7. Don't know about the rest, but as far as the trim tabs go, I have a 1998 Sig 260. They have an automatic switch built into them that is supposed to raise the tabs when the key is turned off. This switch went bad and was way to expensive to replace. All I had to do was disconnect the harness before the switch and after the switch. Then bypass the switch in question. The connectors were a perfect match. Now all works well. Just have to remember to raise the trim tabs before loading on the trailer. I keep my boat in a slip so I only load and unload once a year. But I have found that trying to back the boat into the slip, or anywhere else, with the trim tabs down causes maneuvering problems. I make it a habit of making sure the trim tabs are raised before attempting any maneuver that involves backing up the boat. Just remembered, my first boat was a Bayliner. The drive trim and trailer function was always on even if the batteries were turned off. One day I could not raise the drive to put the boat on the trailer. I was able to hot wire the trim pump to raise the drive. After further inspection, I found that the electrical connector at the battery had some corrosion in it. The connection was perfectly tight, but the resistance was so high that there was not sufficient current to run the drive trim pump. Cut off the terminal, cut back the insulation and reattach an new terminal. Problem solved. Sometimes it is the simplest and least obvious things that cause problems.
  8. Amusing stuff... Anyway, back to batteries. I buy all my batteries from an independent dealer with an outstanding reputation. They will test for free any battery or charging system. If the battery is still good they will tell you. If it is marginal, they will tell you. Up to you, but you could most likely get another year out of it. This year, I topped up my batteries to the level I thought was correct, electrolyte just touching the bottom of the tube. Then I want to charge them. I found that my neighbor had borrowed my good battery charger. I used my old one that is 4 amp but does not have an automatic shut off. Low and behold, the next morning I found acid bubbling away out of the top of the battery. I thought that I had cooked it. Took the battery to trusty dealer and had him test it. I told him what I had done and what happened and was concerned that I may have ruined the battery. He tested the battery and told me all was good. He also told me that filling the cells to the the bottom of the tube was not correct. You should leave about 1/8 inch of space between the electrolyte and the bottom of the tube. Filling higher can cause the acid to overflow when charging the battery, just as had happened to me. He checked the electrolyte level and said that it was right where it should be, the battery is in good working order and all is fine. He could have easily tole me that I cooked the battery and sold me a new one, but did not do that. When I do eventually need a new battery, that is the only place I will go for a replacement. Honesty is the best customer service I can think of.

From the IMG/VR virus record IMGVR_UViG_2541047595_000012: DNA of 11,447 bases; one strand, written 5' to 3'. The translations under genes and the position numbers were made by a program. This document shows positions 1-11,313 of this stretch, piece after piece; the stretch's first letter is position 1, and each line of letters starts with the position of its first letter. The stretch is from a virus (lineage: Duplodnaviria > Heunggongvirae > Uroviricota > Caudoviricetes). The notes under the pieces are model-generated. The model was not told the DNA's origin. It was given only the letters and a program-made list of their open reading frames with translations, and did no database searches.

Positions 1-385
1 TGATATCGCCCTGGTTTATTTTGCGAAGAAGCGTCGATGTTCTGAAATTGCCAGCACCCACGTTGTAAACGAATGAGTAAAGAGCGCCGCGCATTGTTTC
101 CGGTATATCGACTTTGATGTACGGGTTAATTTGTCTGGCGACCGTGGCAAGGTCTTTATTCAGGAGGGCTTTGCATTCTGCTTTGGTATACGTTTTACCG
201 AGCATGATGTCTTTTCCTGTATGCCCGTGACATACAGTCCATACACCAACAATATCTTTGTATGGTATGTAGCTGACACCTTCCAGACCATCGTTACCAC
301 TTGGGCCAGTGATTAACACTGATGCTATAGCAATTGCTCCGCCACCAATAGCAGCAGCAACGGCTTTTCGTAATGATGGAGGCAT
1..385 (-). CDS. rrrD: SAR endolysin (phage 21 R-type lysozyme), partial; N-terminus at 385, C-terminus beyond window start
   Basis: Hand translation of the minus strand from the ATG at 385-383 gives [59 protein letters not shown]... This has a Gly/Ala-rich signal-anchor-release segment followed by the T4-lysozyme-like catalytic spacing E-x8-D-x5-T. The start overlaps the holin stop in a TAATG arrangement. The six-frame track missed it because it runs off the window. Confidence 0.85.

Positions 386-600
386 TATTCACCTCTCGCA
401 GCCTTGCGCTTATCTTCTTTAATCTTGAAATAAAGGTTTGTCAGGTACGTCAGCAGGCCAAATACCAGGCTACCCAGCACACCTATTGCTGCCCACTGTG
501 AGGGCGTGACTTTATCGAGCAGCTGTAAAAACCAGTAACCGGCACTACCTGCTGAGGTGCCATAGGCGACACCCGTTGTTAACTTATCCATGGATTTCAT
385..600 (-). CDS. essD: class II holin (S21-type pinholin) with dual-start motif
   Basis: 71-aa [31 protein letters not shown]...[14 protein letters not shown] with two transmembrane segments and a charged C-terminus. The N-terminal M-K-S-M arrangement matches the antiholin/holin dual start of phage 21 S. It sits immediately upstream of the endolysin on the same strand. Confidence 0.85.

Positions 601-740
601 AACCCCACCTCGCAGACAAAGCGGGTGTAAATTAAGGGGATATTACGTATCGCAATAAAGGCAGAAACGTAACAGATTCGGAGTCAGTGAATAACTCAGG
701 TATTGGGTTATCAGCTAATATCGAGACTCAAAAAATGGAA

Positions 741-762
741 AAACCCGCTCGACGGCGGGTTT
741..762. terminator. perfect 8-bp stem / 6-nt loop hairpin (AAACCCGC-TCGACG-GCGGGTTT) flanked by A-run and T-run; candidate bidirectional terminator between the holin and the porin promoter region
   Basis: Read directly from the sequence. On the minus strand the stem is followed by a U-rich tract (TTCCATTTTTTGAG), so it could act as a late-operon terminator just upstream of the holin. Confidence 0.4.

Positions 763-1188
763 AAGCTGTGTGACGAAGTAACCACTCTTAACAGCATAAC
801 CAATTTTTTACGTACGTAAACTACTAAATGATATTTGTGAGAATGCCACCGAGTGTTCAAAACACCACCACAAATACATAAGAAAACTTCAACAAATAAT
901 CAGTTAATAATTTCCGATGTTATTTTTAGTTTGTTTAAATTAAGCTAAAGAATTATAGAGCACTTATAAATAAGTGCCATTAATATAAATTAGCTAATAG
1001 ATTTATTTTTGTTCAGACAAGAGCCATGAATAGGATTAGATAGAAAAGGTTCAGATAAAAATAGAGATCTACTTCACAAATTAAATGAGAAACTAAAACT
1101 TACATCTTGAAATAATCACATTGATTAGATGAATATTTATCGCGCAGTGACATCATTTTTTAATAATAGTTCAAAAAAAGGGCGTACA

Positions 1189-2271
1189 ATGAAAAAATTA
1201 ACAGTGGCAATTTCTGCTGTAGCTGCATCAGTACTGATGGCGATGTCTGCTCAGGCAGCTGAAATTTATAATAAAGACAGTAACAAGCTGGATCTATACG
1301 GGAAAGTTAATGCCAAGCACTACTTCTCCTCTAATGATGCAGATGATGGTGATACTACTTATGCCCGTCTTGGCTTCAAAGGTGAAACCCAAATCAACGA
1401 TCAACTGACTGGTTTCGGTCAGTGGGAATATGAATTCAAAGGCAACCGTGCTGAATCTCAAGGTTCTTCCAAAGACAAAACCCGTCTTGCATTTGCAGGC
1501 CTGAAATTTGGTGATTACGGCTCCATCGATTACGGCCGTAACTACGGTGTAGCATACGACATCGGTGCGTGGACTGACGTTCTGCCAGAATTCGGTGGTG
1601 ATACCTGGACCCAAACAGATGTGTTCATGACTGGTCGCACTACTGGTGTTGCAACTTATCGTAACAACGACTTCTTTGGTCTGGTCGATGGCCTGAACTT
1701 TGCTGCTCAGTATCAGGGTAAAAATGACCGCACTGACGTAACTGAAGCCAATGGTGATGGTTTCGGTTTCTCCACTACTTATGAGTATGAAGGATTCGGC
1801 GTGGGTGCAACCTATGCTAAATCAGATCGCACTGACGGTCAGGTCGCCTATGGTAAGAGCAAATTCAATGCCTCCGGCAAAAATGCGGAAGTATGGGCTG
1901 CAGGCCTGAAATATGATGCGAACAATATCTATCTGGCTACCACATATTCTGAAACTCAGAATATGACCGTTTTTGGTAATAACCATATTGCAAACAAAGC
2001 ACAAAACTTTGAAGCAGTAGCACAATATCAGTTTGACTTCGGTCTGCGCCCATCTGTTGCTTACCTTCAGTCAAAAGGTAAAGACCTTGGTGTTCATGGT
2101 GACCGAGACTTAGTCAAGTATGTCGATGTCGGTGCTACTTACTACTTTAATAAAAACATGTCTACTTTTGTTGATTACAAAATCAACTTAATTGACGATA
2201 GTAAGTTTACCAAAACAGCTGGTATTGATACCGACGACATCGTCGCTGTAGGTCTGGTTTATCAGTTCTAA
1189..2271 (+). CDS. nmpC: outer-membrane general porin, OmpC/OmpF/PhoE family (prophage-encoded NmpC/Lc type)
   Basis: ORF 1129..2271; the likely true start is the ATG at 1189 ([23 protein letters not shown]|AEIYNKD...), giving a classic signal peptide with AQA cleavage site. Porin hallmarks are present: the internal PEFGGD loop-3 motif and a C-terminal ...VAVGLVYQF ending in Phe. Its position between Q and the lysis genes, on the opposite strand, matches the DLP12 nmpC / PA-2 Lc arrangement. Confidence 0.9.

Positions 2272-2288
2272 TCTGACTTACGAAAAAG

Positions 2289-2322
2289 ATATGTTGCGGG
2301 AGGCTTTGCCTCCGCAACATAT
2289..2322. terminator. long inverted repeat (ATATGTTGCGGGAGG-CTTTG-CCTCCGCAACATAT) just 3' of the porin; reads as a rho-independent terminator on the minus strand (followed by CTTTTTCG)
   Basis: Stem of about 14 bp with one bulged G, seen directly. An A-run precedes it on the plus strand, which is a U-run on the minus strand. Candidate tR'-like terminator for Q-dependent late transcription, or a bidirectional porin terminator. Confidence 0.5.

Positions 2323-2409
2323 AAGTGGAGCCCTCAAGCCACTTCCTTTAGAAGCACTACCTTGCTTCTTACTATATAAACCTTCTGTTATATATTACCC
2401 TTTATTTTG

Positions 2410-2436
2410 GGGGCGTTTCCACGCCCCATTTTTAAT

9. My Sig 260, 1998 5.7L EFI TBI engine alarm must like to aggravate me. Last year I could not get the thing to stop sounding. After much diagnostics, I concluded that the problem was in the MEFI-1 ECM which was being triggered by a bad IAC motor in combination with a small crack in the distributor cap which eventually burned a gap in the insulating collar near the rotor, causing an errant spark, which was causing the ECM to believe there was a no spark situation, and attempting to shut down the injectors. Then the inertia of the engine fired the next spark correctly, thus confusing the ECM profoundly. By this time the RPM had started to fall, then when the spark was detected it told the injectors to pour on the fuel, causing a run rich situation which the ECM tried to correct for by throwing the IAC open wide. Normally this alarm indicates low oil pressure, engine overheat, or low drive oil. After disconnecting these alarm sources, through investigation and diagnostics, I determined that there is also something in the ECM circuitry that will cause this alarm to sound when it gets confused (not surprising since the MEFI-1 system is loaded with faults and bugs to start with). Any way, due to the fact that there are no schematics available for the inside functioning for the ECM, it is by deduction and diagnostics, that I reached this conclusion. This year when I did re-commissioning, the alarm sounded normally when the key was turned, then went off when the engine started as is normal function. After blowing out all the fogging oil, I did a tune up. After the tune up, when I turn the key, no alarm test. I can hear the fuel pump running up, I can see the oil pressure coming up when the engine starts, the drive oil is full, and the engine is not overheated just after start up. The diagnostics indicate if the alarm does not sound the test when the key is turned, then disconnect the tan wire with blue stripe, turn on the key, and touch the wire to a known good ground. If the alarm sounds, the problem is in the sending wiring (purple wire). If the alarm does not sound (it did not sound), the alarm horn is bad. Sounds simple enough. What is bugging me, is the alarm horn functioned normally before the tune up, and then after the tune up it quit. All I did was change out the plugs, rotor, and distributor cap. Then the alarm quit. Coincidence, or can anyone think of something else that would cause this condition? I ran a diagnostic with the engine analyzer and did not find any faults in the system, unnless it is in the ECM which is "black boxed" out of the system schematics. PS. When I went to buy the distributor cap, I closely inspected the insulating collar near where the rotor rides. Do you know what I found? A small crack in the insulating collar exactly where the problem was last year. To all, beware. It seems like there is a bad batch of distributor caps out there. When I pointed this out the the parts person, he didn't flinch, or question, he promptly got a different cap with out question that did not have this crack in the collar. I got the feeling that they knew about this defect and were trying to get rid of the bad stock on unsuspecting buyers.